Heritage vegetable review
Magnum Bonum   Magnum Bonum pea

Age: introduced around 1860
My supplier: Heritage Seed Library
Pros: sublime flavour, big plants with huge yields, attractive
Cons: none - a truly exceptional variety

I've had some great stuff from the Heritage Seed Library, but this one is a corker even by their usual standards.

This is among the tallest peas I've grown, quite readily reaching 7ft and beyond if given something suitable to climb up. It's vigorous too, and you get a lot of pods even from just a few plants. It's similar in appearance to other 19th century tall peas like Alderman and Ne Plus Ultra, but when it comes to height, elegance and stature, Magnum Bonum just has the edge.



Magnum Bonum produces large flowers which you might call pure brilliant white ... no trace of creaminess in the colour. One of my plants produced two flowers per node but the others didn't.

The pods are large and green with eight or nine big fat peas in each. A trait which it shares with other large peas of the Victorian era is a tendency for the pods to puff out while the peas are still young. This can be quite misleading, because it's hard to tell the difference between a mature pod and an immature one. It's very easy to pick a big fat pod which looks ready and to find that the peas inside are the size of pimples. The safest solution is to leave the pods until they just start to go leathery, at which point the peas are usually at their peak. They can start to go a little starchy if left for too long though, so there is a "just right" time to pick them. But for the most part they taste fabulous even at full size.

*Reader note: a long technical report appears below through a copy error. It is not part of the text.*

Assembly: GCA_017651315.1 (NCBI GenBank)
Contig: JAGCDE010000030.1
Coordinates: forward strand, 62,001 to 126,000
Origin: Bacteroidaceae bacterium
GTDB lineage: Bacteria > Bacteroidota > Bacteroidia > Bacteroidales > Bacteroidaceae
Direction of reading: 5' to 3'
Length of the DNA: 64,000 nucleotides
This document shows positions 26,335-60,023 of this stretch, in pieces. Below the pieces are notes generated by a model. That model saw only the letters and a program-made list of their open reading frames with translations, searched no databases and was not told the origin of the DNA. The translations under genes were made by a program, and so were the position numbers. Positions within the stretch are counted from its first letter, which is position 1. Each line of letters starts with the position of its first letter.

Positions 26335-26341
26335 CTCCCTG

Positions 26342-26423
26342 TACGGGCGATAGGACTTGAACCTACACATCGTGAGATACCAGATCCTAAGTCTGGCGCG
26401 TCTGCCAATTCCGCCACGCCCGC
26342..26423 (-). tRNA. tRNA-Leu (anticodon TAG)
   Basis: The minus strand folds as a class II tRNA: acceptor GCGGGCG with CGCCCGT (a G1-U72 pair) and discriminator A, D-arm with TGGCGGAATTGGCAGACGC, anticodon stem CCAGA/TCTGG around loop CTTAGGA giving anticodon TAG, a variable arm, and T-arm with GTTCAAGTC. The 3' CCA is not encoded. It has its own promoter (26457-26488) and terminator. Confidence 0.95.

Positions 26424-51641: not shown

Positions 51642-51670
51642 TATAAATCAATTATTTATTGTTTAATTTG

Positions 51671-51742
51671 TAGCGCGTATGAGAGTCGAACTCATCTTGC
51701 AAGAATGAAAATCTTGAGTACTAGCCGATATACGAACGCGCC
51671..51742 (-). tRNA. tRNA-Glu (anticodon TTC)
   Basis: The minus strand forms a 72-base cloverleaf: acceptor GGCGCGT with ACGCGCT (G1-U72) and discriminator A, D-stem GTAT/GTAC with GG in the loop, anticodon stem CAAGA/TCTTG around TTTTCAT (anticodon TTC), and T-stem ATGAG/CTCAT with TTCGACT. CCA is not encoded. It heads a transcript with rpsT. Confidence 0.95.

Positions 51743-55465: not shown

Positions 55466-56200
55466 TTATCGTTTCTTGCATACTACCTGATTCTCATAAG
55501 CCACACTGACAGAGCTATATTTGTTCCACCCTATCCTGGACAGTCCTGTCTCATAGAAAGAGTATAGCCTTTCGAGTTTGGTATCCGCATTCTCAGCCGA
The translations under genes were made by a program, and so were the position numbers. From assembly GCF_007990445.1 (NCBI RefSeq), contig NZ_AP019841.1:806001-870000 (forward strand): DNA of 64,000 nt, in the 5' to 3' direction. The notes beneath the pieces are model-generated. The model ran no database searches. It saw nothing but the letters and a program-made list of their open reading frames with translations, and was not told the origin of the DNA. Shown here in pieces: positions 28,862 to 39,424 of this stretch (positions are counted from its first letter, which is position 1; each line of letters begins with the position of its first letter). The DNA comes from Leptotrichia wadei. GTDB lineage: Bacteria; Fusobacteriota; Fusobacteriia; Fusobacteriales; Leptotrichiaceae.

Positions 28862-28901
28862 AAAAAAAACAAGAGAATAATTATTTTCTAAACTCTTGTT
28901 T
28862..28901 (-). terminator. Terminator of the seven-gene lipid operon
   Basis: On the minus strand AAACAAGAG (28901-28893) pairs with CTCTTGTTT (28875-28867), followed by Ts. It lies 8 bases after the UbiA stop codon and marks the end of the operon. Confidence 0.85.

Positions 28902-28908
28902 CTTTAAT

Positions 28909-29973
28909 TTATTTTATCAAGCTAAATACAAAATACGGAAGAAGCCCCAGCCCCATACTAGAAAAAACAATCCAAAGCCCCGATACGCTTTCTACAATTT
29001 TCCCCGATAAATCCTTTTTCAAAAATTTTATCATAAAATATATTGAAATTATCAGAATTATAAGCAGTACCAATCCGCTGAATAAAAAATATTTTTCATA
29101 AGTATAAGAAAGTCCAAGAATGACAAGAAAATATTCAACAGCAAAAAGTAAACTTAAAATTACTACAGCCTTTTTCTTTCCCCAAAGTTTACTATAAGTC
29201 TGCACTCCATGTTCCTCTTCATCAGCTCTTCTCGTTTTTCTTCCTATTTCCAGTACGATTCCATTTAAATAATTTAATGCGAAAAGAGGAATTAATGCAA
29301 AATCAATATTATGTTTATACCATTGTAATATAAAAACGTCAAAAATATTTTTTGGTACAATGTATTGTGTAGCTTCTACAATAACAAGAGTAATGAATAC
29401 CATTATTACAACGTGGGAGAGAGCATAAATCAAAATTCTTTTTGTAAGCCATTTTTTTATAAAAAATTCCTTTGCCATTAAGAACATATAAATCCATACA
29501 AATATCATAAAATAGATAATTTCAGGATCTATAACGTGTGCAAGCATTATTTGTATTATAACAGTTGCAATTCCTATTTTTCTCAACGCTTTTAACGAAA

Photo: Tall enough that you can barely reach the tops   Magnum Bonum pea flower

I've tasted a lot of heritage peas and the 1890s classic Alderman is my flavour benchmark. Magnum Bonum is the only other pea I've found so far about which I can say "tastes as good as Alderman".

It really is a superb flavoured pea of very high class. It's very sweet, possibly a tiny bit less sweet than Alderman, but with a distinctive richness and refinement in its flavour. The peas are pretty huge in size and taste far too good to cook, so I ate all mine raw.

The Victorians were fond of giving their vegetables these terribly exalted Latin names which give them such a lot to live up to. Magnum Bonum (great and good) probably lives up to its moniker better than Ne Plus Ultra (nothing better).

  Magnum Bonum pea

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Text and images © Rebsie Fairholm. All rights reserved.